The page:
The collection consists of newspaper cuttings relating to the Expedition, 1900-1903.
The Scottish National Expedition to the Antarctic
- This material is held at
- ReferenceGB 237 Coll-282
- Dates of Creation1900-1903
- Language of MaterialEnglish.
- Physical Descriptioncirca 85 cuttings.
- LocationGen. 556
Scope and Content
Administrative / Biographical History
The Scottish National Antarctic Expedition (1902-1904) was undertaken with the sole aim of increasing and improving knowledge of polar science. Success was achieved by the production of high quality scientific results, particularly in the areas of polar oceanography, meteorology and wildlife observation.
The Scottish National Antarctic Expedition was conceived and led by William Speirs Bruce (1867-1921) who had training and experience in all areas of the natural sciences, and a considerable background in polar observation. He regarded the Expedition as a Scottish response to the recent 'Discovery' Expedition, on which he had turned down the position of naturalist, due to its emphasis on exploration rather than scientific observation.
After failing to gain funding from the British Government, Bruce raised the cost of the expedition by private subscription. Two of the Coats brothers of Paisley donated generously providing two-thirds of the overall budget. In 1901, Bruce purchased the Norwegian whaler 'Hekla'. This was repaired and altered at Ailsa Shipbuilding Company's yard in Troon, under the free direction of the naval architect G. L. Watson. Following alteration the ship was renamed the SY 'Scotia'.
SY 'Scotia' departed from Troon on 2 November 1902. On board were a crew of 25 and an impressive team of scientists recruited from amongst Bruce's friends and colleagues. These included a zoologist, a botanist, a meteorologist, a geologist, a taxidermist and a bacteriologist. The SY 'Scotia' sailed south, via Madeira and the Falkland Islands. On the way, meteorological surveys were carried out every 4 hours and the oceanographic instruments tested. Scientific studies were also undertaken at the Cape Verde Islands and St Paul's Rock. Bruce recorded events throughout the trip using a variety of methods. These included cinematography, phonography and photography using a variety of cameras.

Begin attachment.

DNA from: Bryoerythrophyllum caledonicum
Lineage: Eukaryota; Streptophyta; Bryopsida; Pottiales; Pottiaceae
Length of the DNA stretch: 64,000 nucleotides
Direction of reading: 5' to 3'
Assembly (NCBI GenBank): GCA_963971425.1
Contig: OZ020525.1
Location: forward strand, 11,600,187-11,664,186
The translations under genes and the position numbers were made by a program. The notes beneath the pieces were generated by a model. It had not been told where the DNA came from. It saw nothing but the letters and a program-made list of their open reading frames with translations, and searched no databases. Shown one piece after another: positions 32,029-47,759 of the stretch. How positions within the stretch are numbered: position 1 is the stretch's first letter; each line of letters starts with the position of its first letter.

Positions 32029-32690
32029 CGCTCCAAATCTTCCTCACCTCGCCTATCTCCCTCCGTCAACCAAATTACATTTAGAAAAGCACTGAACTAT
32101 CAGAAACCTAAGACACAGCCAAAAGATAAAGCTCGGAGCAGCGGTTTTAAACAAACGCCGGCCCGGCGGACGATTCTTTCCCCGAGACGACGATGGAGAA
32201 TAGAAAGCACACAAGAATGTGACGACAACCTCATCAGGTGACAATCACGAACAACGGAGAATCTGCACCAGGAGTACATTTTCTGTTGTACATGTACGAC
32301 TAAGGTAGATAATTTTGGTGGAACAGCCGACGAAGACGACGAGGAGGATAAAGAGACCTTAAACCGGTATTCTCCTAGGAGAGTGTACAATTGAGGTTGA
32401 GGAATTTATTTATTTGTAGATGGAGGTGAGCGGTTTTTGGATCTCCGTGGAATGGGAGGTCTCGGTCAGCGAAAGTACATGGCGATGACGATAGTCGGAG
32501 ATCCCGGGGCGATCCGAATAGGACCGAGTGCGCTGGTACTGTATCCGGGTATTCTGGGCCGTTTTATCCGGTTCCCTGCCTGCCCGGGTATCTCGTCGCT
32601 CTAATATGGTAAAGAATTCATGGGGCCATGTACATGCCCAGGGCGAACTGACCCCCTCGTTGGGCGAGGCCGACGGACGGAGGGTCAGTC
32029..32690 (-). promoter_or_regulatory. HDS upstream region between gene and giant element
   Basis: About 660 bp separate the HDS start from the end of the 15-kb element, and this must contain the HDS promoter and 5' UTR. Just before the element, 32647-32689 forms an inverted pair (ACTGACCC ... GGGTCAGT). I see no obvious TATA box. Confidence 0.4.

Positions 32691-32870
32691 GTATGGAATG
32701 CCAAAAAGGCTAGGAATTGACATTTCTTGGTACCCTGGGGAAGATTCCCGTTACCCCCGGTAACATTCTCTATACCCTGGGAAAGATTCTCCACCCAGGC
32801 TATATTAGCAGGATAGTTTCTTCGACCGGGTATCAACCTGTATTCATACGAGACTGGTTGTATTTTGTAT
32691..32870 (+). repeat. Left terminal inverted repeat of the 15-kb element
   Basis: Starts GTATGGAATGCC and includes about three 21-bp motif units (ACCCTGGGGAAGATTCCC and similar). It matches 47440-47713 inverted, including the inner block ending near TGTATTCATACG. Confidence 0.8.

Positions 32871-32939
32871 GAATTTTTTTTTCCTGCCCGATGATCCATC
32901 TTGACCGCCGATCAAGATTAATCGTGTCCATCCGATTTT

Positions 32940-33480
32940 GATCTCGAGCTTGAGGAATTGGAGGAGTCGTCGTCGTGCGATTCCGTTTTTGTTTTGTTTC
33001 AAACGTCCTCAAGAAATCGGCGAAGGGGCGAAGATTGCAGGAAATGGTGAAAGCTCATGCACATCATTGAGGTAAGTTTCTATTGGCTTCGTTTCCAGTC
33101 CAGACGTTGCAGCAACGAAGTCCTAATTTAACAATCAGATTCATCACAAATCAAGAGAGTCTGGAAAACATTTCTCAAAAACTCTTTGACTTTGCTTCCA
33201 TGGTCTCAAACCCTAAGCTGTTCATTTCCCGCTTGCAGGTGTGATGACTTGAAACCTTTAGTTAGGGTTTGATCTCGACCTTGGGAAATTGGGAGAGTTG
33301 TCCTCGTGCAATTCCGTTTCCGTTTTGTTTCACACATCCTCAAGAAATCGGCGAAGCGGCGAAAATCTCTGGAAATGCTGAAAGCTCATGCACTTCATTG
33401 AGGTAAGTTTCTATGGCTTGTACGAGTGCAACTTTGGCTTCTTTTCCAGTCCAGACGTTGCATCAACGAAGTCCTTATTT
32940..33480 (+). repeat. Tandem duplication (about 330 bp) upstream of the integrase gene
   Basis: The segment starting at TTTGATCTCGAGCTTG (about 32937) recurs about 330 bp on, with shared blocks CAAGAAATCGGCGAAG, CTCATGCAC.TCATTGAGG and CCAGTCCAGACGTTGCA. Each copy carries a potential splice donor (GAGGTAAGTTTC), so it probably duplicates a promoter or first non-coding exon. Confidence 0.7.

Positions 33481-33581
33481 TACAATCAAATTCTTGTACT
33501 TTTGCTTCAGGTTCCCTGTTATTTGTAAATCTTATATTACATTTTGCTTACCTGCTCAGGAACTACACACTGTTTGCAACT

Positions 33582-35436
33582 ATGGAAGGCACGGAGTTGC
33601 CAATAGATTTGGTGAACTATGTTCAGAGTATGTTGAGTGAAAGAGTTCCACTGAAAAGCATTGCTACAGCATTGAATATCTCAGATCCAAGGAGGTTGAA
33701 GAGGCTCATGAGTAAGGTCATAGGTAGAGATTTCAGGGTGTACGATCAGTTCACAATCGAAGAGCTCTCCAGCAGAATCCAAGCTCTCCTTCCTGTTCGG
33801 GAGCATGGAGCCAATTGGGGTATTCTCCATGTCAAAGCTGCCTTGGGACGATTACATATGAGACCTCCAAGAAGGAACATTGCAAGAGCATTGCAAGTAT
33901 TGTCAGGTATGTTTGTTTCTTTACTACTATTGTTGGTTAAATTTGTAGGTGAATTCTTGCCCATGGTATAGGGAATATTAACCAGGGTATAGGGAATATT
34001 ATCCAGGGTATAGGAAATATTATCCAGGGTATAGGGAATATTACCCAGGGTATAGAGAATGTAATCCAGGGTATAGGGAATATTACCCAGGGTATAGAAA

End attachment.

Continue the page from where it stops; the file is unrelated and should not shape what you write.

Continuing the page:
On 3 February 1903, the SY 'Scotia' arrived at Saddle Island in the South Orkney Islands, where the scientific team made their first Antarctic landing. Afterwards the SY 'Scotia' continued to progress southwards until a drop in temperature saw a short period beset in pack ice. After breaking free, the trip south was abandoned for the season. The ship progressed NNE along the pack ice before anchoring for the winter in Scotia Bay on the south side of Laurie Island in the South Orkney Islands. A wooden meteorological observation station, named Omond House, and a cairn, as a reference point for topographic survey work, were constructed immediately. Over the winter, observations and collections of specimens were undertaken in a number of scientific disciplines. Small parties were sent out for short periods to enhance these. In addition, a considerable amount of topographic survey work was undertaken allowing the first map of Laurie Island to be draughted.
After breaking free from the ice in Scotia Bay, on 22 November 1903, the SY 'Scotia' sailed to Argentina via the Falkland Islands. A team of 6 men were left ashore to continue scientific observations, particularly on penguins. Negotiations with the Argentine Government, to assume the responsibility for meteorological observations, were successful, and 3 Argentines returned with the ship to staff Omond House along with Robert Cockburn Mossman (1870-1940). This team was left on Laurie Island to be collected by the 'Uruguay' in December 1904.
The SY 'Scotia' proceeded south into the Weddell Sea to undertake oceanographic observations. Previously undiscovered land was sighted on 3 March 1904. This was named Coats Land in honour of the Coats brothers' support of the expedition. The ship continued to edge south until meeting the ice shelf. Following a storm the ship became stuck in the pack ice at 74o 01'S 22o00'W, the furthest latitude south achieved by the expedition, where it remained for 6 days. Following liberation, further oceanographic soundings were taken to compare with those recorded by James Clark Ross in 1843.
The SY 'Scotia' arrived back in Scotland on 21 July 1904, having travelled via Gough Island, south-west Africa, Saint Helena, Ascension Island, Cape Verde Islands and the Azores. During the journey a number of trips ashore were taken for scientific observation and collecting, as well as recreation.
Conditions Governing Access
Generally open for consultation to bona fide researchers, but please contact repository for details in advance.
The biographical/administrative history was compiled using the following material: (1) Brown, Robert Neal Rudmose. The voyage of the 'Scotia': being the record of a voyage of exploration in Antarctic seas. Edinburgh: W Blackwood 1906. (2) American Society of Polar Philatelists. Antarctic Philately: William S. Bruce. Full-text [online]. http://www.south-pole.com/ [Accessed 26 June 2001].
Compiled by Graeme D Eddie, Edinburgh University Library, Special Collections Division
Other Finding Aids
Important finding aids generally are: the alphabetical Index to Manuscripts held at Edinburgh University Library, Special Collections and Archives, consisting of typed slips in sheaf binders and to which additions were made until 1987; and the Index to Accessions Since 1987.